Wednesday, December 9, 2009

Blue Dog

We read Why is Blue Dog Blue? by George Rodrigue. We really enjoy his style of drawing blue dog and the imagination, creativity and whimsy that this artist exhibits in his work. We are creating our own dog art, trying to match the style of Blue Dog. We will be painting our dogs with colors that we mix with tempera paint.


A mandala is a piece of art that has radial symmetry. Several different cultures create mandalas, including Tibetan monks, who create them using colored sand.  Rose windows in churches are another example of a mandala. We traced circle templates and cut them out. Then we folded our paper 3 times to create 8 equal sections. We created designs inside them with sharpie markers. Whatever was added to one section, needed to be added to each of the sections, paying special attention to the size and placement of all of our lines and shapes. 

Sunday, December 6, 2009

National Art Education Association

Click here to visit their website.

Michigan Art Education Association

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Jacob Lawrence Movement Collage

We learned about Harlem Renaissance artist Jacob Lawrence. We were inspired by his painting of olympic runners in our figures in motion collage. We had the option to cut or tear construction paper to create our collage. We spend a lot of time trying to create the effect of a person in an action pose. We spent several weeks on this projects and are very proud of the results!

Georgia O'Keeffe

We're studying the art of Geogia O'Keeffe. She loved nature, and when she moved to New Mexico she spent a lot of time painting in the desert. One of her favorite things to paint was the skulls and animal bones she found. Students are learning about skulls in science class and we thought some skull paintings would be an excellent connection between art and science. We are viewing them are part of nature and are not meant to be scary.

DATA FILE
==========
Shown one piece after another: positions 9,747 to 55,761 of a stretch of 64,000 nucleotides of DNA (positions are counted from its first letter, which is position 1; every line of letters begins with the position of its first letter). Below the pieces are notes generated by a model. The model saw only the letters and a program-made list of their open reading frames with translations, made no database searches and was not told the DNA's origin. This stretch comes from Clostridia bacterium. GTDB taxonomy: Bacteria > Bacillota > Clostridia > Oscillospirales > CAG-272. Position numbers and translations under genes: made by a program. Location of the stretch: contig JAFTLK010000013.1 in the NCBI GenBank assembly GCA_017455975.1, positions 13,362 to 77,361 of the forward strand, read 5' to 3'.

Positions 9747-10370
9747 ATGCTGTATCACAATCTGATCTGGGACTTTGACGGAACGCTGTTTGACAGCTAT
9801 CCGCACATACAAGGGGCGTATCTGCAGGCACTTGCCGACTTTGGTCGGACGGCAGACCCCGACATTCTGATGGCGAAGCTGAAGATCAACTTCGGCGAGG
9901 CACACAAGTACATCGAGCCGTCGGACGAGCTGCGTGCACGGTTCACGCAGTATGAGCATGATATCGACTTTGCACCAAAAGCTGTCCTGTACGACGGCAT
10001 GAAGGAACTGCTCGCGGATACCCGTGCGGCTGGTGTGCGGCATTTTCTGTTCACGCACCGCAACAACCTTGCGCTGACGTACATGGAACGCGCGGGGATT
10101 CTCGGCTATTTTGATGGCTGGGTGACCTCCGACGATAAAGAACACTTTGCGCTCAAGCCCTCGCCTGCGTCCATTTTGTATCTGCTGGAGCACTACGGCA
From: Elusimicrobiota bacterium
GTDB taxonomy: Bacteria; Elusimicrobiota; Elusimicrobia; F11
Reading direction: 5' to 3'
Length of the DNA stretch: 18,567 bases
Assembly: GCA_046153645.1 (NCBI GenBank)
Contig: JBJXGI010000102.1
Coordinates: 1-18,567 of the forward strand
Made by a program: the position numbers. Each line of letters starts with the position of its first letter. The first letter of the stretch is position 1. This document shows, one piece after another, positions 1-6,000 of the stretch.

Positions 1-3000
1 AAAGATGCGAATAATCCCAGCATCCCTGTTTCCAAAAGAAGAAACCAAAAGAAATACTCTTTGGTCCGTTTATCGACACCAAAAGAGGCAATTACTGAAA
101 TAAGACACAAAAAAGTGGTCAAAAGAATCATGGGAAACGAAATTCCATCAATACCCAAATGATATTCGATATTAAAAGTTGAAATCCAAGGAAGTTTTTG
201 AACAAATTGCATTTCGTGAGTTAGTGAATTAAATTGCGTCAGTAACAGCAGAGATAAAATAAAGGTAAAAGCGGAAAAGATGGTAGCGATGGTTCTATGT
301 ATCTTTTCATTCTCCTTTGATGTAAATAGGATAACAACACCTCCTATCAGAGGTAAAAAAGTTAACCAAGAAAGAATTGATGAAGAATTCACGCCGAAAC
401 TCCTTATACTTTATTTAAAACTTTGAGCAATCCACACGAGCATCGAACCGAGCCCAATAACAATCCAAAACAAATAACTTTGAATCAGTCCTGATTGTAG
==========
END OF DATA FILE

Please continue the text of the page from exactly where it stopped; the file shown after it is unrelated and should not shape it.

2nd Grade Paper Weaving

We learned about warm and cool colors. We painted two papers with watercolors, one with warm colors and the other with cool colors. Then we cut them apart and wove them together.

Mondrian Grids

We learned about Dutch artist Piet Mondrian. He liked to create grids and fill them with primary colors (red, yellow and blue) as well as white and black. We tried to balance the visual weight of the colors and had fun deciding where to put each color. We did the same by creating our own grids with a ruler. We used oil pastels to add color to our art. Below are some images of works in progress.

Picasso Portraits

These Cubist portraits will be going in our artist books. We added color with oil pastels.


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